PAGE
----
Alternative groundwater resources in North-central Texas for the development of the Barnett Shale gas play



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Texas water resources are under pressure due to population growth expected in the coming decades, increasing industrial demands, and frequent periods of drought. With this increasing demand for limited water resources it is important to explore alternative water sources within the State. One of those resources that can be developed is the many small aquifers which have never been well-characterized but could be an alternative source of fresh and brackish water for agriculture, municipal, and industrial applications. The natural gas industry’s demand for water is growing in Texas as new drilling techniques such a hydraulic fracturing have opened new reserves previously considered economically non-viable. The development of smaller aquifers containing brackish water is a viable alternative to the gas industry’s current reliance on fresh (potable) groundwater resources. The aquifer sections containing brackish water need to be mapped and characterized so they can be developed as an alternative water resource by the gas industry. The Barnett Shale in North-central Texas is one of the first major gas plays in the United States to use the technique of hydraulic fracturing in field development. This technique requires large quantities of water to create the required hydraulic pressure down the gas well to fracture the normally low permeability shale. A typical horizontal well completion consumes approximately 3.0 to 3.5 million gallons (11,400 to 13,200 m3) of fresh water. Projections of future groundwater demand for the Barnett Shale gas play total 417,000 AF (5.1x108 m3), an annual average of 22,000 AF (2.7x107 m3) over the expected 2007-2025 development phase. This level of water demand has the gas industry and groundwater managers exploring alternative sources of water for future development of the Barnett Shale.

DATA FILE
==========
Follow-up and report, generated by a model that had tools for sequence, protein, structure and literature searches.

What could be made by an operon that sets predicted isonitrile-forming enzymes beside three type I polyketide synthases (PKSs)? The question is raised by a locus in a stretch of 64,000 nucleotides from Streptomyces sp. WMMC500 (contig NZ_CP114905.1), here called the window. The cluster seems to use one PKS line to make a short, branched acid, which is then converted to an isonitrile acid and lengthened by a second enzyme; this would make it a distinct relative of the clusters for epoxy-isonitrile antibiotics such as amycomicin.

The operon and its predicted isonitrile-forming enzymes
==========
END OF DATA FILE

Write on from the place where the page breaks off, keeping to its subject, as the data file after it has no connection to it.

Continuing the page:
One alternative source of water for the expanding footprint of the Barnett Shale gas play are the smaller local Paleozoic aquifers on the western edge of the play. These small aquifers are underutilized and contain waters with higher levels of TDS. These levels are, however, acceptable to the drilling industry. In order to characterize theses aquifers, TWDB databases were utilized to analyze water chemistry and well productivity.